All poker players have bad habits. Some are subtle and have little impact on their bottom line while others can cause significant swings in bankrolls.
Today we will take a look at five bad poker habits that everyone suffers from. Pay attention and work to eliminate them from your game if necessary.
Playing too Many Hands Out of Position
Most of us have a bad habit of playing too many hands out of position. There are many reasons we’ve developed this habit. Maybe we feel we can outplay most of the players at the table post-flop. Perhaps you have a few “lucky hands” that you like to play regardless of your position because one time or another they won you a monster pot.
Regardless, the fact that you’re playing too many hands out of position is setting you up for some incredibly difficult decisions during your session. You are also at a disadvantage because you have to act before other players, forcing you at some point to give away information on the strength of your hand.
There are clearly times we’re going to play hands out of position, such as when we get a monster pocket pair. However, playing too many hands out of position with mediocre hands is going to cost you money in the long-term.
Defending Your Blind for No Good Reason
There are times you’re going to want to defend you big blind. Many times, it is to play back at someone that is constantly raising your blind or when you pick up a reasonable hand against a late position or button raiser that you know likes to raise light.
However, there are other times where we will defend our blind for no good reason whatsoever. A great example is someone that decides to call with suited connectors when the small blind raises at 100-200 with no antes in a tournament. There’s no reason to defend your blind in this situation. You’re setting yourself up for a big pot situation early and need to get lucky to win.
When you’re defending your big blind, think the situation though. What are your reasons for defending your blind. Are you making a play that will prove +EV later or are you letting your ego get to you. If you don’t have a good reason to defend, lay it down for later.
Not Being Patient When Short-Stacked
How often have you heard to go ahead and “get your stack in” when you’re short-stacked in a Hold’em tournament or even a cash game? While they’re trying to get you to be more aggressive, you also need to pick your spot whenever possible when short stacked.
Keep in mind that players in tournaments are considered short-stacked when they have 20 big blinds or fewer. If you’re sitting with a stack of 15 to 20 big blinds, especially if you happen to be before the ante’s or in a PL game, you can actually sit back for up to two rounds before getting to a point where you’re forced to shove with nearly any two cards.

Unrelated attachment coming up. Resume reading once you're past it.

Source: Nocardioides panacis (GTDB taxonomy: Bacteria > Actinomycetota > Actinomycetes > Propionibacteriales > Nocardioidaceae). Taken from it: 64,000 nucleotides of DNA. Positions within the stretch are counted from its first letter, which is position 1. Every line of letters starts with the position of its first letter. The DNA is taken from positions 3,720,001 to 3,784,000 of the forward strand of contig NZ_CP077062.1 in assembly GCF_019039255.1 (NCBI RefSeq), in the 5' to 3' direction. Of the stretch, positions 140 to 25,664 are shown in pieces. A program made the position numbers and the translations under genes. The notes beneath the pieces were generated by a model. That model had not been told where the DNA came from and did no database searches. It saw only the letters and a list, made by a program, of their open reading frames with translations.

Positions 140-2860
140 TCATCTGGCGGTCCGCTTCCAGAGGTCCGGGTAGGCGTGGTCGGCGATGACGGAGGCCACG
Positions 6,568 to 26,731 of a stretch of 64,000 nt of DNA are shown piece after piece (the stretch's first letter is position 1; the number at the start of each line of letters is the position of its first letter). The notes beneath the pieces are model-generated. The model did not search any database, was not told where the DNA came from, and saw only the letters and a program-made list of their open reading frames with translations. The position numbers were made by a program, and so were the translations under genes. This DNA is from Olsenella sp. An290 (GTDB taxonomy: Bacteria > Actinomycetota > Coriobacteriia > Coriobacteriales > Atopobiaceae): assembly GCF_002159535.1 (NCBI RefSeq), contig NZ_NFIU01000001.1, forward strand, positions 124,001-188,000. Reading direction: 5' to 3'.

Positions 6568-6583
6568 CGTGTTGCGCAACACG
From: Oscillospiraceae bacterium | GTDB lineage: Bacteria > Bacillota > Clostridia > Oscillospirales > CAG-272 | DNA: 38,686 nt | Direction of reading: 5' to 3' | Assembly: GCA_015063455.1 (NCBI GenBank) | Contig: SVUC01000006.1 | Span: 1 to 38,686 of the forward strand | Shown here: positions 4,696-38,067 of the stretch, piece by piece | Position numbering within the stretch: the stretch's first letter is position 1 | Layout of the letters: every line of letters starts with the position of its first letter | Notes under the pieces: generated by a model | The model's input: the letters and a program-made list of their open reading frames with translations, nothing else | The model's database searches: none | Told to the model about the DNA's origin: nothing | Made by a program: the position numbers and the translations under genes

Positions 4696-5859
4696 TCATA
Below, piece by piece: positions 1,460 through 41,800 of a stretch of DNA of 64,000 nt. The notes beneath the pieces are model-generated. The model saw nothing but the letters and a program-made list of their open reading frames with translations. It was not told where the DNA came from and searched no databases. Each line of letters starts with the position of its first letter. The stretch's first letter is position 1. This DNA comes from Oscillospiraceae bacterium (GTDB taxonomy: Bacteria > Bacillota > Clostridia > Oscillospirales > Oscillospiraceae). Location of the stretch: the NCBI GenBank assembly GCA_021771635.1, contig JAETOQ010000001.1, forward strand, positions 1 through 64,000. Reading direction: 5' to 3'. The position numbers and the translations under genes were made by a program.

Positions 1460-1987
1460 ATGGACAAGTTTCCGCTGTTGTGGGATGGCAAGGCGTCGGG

We don’t mean sit back and wait for pocket aces or kings, but do go crazy shoving with K-6 suited or some type of mediocre hand where you can wait a few hands and improve your situation. You want a reasonable hand and if possible, you want a situation where you’re the first raiser in the pot.
If you’re in a situation where you’re under 10 big blinds, you can’t afford to be too patient. When in this situation and the blinds are a few hands away, that’s your cushion and that’s about it. Time to pick a hand and go. Otherwise, you still can show a bit of patience to improve your chances to double up.
Not Giving Credit to a Player Once They Improve Their Game
How often have we played with a bad player and then lost to that player at a later date? Did that player get lucky in the second session? Possible, but it is also entirely possible that they have improved their game and we have failed to give them credit for improving.
Astute poker players are supposed to be on the lookout for changes in a player’s strategy, but sometimes we will stereotype a player or write them off entirely based on past play. Don’t fall into this trap. Evaluate your opponent during every session you play them and note any changes in their style. This will help you keep your edge and avoid getting unexpectedly stacked.
Talking too Much After a Losing Hand
I love players that love to give speeches after a hand. They will sit there and tell you that they knew that you had this hand or that hand and often will break down the hand in its entirety.
If you are the type of player that likes to berate a player about getting lucky, realize that you’re also giving other players at the table information on how you play. This will clue them in on how to approach you the next time your in the same hand. You’d be surprised how many players like this start getting chased down during every draw just because they told everyone how they play. The best part is that they are completely clueless about what they’ve done.
Don’t be clueless – keep your mouth shut after losing a hand.